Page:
Like many of you, the NeSI team has transitioned to work from home in response to New Zealand entering Alert Level 4 lockdown for COVID-19.
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NeSI and NIWA have an exciting opportunity to make direct contributions to New Zealand's research sector and offer front-line support for researchers using our national platform of high performance computing (HPC) systems. NIWA is seeking an an experienced Systems Engineer to join its Wellington office.
NeSI and NIWA have an exciting opportunity to make direct contributions to New Zealand's research sector and offer front-line support for researchers using our national platform of high performance computing (HPC) systems. NIWA is seeking an HPC Applications Support Specialist to join its Wellington office.
On 10 March 2020 Anthony Shaw, a member of NeSI’s Applications Support team, presented a webinar that covered tips for optimising job configuration and reducing your NeSI queue time. If you were unable to attend in person, the presented slides and webinar recording are now available!To view the webinar slides click here
Another successful eResearch NZ conference has left New Zealand and Australian eResearch leaders buzzing around the ways data, data science, and data communities are transforming how eResearch is done and what the Australasian research ecosystems could look like in the future.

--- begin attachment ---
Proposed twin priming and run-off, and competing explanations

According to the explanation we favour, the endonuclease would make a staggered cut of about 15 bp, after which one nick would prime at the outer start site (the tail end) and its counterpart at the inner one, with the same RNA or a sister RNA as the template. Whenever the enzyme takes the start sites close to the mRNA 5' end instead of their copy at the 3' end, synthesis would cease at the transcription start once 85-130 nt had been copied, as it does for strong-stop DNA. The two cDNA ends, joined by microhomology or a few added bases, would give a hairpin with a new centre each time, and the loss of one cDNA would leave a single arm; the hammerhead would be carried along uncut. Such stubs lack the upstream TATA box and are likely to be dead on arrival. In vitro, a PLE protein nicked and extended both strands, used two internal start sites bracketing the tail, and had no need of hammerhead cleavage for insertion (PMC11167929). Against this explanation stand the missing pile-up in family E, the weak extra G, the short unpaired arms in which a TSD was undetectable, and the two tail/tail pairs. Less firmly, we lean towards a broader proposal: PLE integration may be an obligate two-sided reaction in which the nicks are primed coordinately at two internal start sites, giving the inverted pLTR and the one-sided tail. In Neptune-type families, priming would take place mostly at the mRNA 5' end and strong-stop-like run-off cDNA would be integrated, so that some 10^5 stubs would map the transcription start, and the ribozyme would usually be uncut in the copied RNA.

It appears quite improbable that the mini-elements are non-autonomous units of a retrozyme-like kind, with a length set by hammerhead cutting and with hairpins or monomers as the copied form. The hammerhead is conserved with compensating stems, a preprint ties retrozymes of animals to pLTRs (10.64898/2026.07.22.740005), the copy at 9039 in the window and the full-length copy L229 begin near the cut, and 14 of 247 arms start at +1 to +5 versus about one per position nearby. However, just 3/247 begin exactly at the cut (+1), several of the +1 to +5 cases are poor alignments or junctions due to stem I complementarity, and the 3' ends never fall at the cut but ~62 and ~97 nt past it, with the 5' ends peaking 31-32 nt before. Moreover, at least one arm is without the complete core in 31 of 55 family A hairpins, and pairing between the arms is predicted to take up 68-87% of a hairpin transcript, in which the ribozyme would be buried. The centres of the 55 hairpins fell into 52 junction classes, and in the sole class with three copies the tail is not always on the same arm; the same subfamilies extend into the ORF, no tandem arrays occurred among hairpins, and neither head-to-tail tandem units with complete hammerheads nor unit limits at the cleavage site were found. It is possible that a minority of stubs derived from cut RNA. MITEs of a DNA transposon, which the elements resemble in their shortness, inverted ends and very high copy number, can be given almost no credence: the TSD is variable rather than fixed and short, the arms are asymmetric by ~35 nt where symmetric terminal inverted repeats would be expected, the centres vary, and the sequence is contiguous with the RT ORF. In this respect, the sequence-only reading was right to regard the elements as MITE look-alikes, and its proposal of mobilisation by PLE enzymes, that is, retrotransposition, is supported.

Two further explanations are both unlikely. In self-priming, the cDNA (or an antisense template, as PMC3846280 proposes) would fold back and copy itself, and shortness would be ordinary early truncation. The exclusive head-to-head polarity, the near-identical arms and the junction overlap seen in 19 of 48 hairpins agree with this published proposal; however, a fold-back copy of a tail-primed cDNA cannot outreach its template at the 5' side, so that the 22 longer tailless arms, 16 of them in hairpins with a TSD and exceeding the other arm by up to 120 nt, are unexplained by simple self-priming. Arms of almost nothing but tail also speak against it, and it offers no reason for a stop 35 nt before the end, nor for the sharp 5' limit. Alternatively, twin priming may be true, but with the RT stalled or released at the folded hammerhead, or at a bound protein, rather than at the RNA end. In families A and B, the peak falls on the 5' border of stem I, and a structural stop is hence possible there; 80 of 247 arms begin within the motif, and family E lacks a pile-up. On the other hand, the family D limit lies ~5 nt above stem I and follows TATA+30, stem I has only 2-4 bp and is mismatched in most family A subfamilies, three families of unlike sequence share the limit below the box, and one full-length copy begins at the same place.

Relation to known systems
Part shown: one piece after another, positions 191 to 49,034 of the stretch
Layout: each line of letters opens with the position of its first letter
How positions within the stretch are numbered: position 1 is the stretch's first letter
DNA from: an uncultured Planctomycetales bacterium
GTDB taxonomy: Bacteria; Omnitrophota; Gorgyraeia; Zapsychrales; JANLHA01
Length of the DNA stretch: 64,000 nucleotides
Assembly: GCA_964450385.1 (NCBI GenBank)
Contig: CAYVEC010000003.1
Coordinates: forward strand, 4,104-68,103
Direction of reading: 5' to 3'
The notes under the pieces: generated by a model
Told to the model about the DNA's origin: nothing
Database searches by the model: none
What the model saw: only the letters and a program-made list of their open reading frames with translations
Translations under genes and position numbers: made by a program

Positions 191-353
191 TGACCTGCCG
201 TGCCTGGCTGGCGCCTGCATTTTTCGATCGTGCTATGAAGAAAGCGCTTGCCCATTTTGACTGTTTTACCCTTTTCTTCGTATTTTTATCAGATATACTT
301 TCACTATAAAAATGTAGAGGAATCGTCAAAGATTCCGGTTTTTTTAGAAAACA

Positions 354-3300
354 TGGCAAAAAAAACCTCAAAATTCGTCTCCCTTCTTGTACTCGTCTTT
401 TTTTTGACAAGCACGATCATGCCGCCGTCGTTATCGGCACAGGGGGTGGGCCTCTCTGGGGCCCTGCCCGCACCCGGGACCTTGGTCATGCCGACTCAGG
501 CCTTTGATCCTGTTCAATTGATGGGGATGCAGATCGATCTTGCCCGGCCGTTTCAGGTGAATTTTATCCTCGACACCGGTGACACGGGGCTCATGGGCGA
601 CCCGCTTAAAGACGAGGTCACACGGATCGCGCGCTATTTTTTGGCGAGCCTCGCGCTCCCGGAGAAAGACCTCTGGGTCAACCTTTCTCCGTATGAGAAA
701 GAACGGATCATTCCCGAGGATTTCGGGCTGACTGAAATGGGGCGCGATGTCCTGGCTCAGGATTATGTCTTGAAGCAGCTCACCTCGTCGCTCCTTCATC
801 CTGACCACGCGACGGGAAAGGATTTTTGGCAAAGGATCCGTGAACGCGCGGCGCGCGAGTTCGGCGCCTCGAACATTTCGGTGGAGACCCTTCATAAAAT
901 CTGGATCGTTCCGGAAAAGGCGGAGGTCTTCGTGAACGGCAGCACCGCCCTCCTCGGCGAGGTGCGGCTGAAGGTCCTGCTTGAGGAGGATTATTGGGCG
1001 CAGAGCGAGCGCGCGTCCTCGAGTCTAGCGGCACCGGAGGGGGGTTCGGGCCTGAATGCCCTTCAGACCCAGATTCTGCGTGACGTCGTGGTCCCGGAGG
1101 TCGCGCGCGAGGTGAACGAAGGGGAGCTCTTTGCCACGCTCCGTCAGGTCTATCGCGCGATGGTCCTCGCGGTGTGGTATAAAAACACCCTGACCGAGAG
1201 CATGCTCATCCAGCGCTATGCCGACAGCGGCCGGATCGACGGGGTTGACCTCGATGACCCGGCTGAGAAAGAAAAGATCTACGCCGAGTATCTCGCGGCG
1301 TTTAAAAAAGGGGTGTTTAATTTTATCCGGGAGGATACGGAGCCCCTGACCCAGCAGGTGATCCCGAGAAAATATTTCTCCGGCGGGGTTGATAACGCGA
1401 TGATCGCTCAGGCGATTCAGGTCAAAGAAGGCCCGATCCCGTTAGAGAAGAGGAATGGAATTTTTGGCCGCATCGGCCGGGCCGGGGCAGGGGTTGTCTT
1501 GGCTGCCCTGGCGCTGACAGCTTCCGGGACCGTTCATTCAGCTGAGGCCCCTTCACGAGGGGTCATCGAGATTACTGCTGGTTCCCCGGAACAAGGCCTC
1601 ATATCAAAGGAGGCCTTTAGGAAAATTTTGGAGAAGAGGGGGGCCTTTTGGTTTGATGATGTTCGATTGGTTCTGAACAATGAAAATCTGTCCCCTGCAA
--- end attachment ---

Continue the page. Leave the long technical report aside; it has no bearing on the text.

Now in its fifth year, NeSI's Science Coding Confernece is one of the few opportunities where scientific programmers, software engineers, IT managers, coding enthusiasts, and big data analysts from across disciplines can gather in one place to share and discuss how they’re supporting New Zealand’s research ecosystem.
This October, NeSI is partnering with the National Institute of Water and Atmospheric Research (NIWA) to host the Cray User Group (CUG) 2020 meeting in Auckland from 25-29 October 2020. Hosted annually, CUG meetings gather staff and users of select Cray and HPE systems worldwide for presentations by HPC experts, as well as valuable technical sessions, tutorials, and demonstrations.
More and more people in academia are speaking out about the eResearch capability gap. Many researchers do not know where to turn for help in managing, processing, and publishing large amounts of data and institutions as a whole are unsure of how to offer support that is both effective and scalable. The result is a demand for digital skills training much higher than our collective ability to deliver.
Prior to this year's eResearch NZ conference, two new events were hosted the day before as kick-off workshops:Carpentry Connect and REANNZ Connect. Both were inaugural events and aimed to gather like-minded people either currently involved in the Carpentries or research network communities, or those who were keen to learn more. Both sessions were a great success, and were an excellent way to spark conversations and connections leading up to the main eResearch programme.
The keynotes are booked, preliminary programme is live, and pre-conference workshops are filling up for eResearch NZ 2020!